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'Great Rotation': Fact or Fiction

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Domestic stock funds garnered a whopping $21 billion in the initial four weeks of 2013, according to Lipper. This was the best four week period for inflows since early 2000 and caused analysts to debate the issue of a ‘mini’ or ‘great rotation’ from bonds to stocks. Market mavens therefore wonder if we are at the verge of a landmark inflection point. Even if we are not, the Great Rotation has an element of truth.

A scenario of outflow from the traditional bond market into the stock market is not difficult to conjure. Bond prices have reached the stratosphere thereby no longer compensating owners adequately. It is feared that to extrapolate the generous bond returns from the past three decades into the future may smack of hallucination. In contrast, equities are available at reasonable P/E multiples in line with historical norms and offer compelling value despite the run up in prices since The Great Recession. 

However, rather than money solely flowing from bonds to stocks, money moving into the stock market appears to be coming from cash on the sidelines (and money market funds), hedge funds as well as new money earned by individuals. Investors are also rotating funds from the European bourses to the domestic market.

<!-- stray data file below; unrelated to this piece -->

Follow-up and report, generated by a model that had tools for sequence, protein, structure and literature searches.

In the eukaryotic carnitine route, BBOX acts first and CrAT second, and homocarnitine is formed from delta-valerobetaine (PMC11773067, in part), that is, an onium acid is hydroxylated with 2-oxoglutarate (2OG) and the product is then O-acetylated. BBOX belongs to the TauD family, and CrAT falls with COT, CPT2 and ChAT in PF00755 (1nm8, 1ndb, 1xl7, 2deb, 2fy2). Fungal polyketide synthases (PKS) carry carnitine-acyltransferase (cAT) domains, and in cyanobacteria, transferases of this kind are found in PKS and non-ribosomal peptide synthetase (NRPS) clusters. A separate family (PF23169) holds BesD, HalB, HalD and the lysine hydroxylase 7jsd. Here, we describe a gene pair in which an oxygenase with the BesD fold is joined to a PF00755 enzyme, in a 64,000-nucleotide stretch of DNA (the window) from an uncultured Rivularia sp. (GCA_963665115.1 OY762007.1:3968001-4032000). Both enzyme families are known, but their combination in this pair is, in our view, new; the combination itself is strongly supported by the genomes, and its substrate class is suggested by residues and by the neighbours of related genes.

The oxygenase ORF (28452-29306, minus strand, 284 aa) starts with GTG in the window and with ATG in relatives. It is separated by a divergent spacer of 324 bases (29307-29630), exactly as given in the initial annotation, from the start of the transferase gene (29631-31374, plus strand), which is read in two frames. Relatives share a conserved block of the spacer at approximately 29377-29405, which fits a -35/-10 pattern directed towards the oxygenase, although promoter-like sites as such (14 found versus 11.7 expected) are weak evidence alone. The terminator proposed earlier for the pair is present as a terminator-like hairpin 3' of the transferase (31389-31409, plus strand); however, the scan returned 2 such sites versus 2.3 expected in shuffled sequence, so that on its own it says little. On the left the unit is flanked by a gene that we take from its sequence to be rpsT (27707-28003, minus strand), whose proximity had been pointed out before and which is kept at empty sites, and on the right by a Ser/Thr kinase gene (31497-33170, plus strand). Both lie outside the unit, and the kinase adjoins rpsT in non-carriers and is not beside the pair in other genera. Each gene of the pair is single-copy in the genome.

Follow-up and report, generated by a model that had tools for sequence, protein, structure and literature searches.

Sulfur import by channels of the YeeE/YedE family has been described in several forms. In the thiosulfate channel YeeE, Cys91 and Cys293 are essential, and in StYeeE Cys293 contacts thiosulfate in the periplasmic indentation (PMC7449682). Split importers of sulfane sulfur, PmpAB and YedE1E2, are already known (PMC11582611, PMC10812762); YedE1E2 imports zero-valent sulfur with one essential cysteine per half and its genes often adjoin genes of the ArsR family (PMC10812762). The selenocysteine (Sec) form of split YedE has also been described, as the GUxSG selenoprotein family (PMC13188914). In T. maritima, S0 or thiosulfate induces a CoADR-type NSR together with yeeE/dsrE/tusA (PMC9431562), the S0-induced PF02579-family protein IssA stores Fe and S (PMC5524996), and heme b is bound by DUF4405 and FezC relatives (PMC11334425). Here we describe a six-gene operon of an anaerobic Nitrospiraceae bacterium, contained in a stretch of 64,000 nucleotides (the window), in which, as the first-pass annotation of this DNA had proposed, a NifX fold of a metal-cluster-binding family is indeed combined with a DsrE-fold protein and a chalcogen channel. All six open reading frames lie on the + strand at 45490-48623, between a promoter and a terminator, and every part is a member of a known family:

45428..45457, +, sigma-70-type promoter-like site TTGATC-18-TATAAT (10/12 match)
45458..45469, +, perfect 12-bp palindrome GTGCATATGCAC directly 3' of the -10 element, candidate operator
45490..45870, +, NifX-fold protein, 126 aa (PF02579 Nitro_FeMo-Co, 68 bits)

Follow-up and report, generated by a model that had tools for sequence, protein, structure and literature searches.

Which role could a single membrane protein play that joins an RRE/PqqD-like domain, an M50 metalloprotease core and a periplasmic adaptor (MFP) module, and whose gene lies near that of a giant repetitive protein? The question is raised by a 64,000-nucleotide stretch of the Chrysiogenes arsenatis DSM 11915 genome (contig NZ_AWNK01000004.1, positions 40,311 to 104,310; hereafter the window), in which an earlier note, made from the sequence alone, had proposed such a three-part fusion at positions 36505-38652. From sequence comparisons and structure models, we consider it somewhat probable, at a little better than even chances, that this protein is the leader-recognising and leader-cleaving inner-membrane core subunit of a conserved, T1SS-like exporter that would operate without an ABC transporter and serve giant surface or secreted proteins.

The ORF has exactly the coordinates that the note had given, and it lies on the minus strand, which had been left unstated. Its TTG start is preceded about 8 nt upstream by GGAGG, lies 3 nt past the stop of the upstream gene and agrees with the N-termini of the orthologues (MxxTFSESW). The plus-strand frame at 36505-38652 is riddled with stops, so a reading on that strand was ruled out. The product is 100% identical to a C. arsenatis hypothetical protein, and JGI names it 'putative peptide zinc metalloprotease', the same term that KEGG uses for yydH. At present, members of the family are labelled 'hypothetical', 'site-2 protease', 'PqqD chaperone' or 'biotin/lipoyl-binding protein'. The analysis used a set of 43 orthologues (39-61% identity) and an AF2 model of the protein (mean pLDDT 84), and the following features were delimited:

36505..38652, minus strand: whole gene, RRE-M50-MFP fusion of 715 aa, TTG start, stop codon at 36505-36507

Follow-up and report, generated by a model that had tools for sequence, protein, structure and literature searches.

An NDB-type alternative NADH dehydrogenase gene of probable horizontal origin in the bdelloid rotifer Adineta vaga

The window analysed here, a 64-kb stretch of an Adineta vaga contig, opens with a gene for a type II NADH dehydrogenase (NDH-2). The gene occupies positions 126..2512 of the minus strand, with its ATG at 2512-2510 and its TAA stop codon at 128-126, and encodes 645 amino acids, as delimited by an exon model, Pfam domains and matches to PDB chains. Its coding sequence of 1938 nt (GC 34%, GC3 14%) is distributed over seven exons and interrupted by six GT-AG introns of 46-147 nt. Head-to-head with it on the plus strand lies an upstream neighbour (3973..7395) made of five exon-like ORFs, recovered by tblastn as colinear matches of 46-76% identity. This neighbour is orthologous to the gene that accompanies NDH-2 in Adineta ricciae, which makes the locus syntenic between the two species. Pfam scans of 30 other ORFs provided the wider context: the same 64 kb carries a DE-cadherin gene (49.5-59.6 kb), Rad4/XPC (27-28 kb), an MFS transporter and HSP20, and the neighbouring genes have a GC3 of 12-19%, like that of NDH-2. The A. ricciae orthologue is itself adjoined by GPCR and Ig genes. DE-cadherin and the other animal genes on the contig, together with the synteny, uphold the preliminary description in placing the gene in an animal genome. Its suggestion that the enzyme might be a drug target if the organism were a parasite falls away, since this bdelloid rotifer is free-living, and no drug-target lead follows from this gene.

Multiple factors point to concurrent inflows into both stocks and bonds rather than a sole bond outflow/ equity inflow situation. Firstly, as millions of baby boomers near retirement age they will likely place a heavier emphasis on fixed income securities. Overall, they may be expected to hold diversified positions including both stocks and bonds, but probably weighted in favor of bonds.

Their behavior in turn, influences pension fund managers and annuity managers who become less supportive of a Great Rotation from bonds to stocks. Equity exposure at pension funds and endowments are at low levels in the U.K. and U.S. as these institutions favored bonds during the last few years. In this regard, bookkeeping rules and regulations in the U.S. and solvency requirements in Europe encourage pension funds and insurance companies to hold bonds.   

Even if the bond market was to take a hit and Treasury yields rise, it may still not be reason for systematic outflows from bonds to stocks. Instead, investors could plausibly be expected to buy on dips and take fresh bond positions through dollar cost averaging.

In the end, pundits suggest that investors consider a continuum of stock and bonds to derive the best combination of liquidity, safety, returns and diversification. A mixture of stocks and bonds has beaten 100% stock index funds in several of the past few years.

To the extent there is a migration from bonds to stocks that money may flow into defensive equity sectors such as consumer staples, utilities and pharmaceuticals. Some prospective plays include Colgate-Palmolive Co. (CL - Free Report) , Unilever plc (UL - Free Report) , Procter & Gamble Co. (PG - Free Report) , Johnson & Johnson (JNJ - Free Report) , Merck & Co. Inc. (MRK - Free Report) , Eli Lilly and Company(LLY - Free Report) , AT&T, Inc. (T - Free Report) , American Electric Power Co., Inc. (AEP - Free Report) and The AES Corporation (AES - Free Report) . A dividend stream in some of these companies may offer a stable income besides the possibility of capital appreciation.

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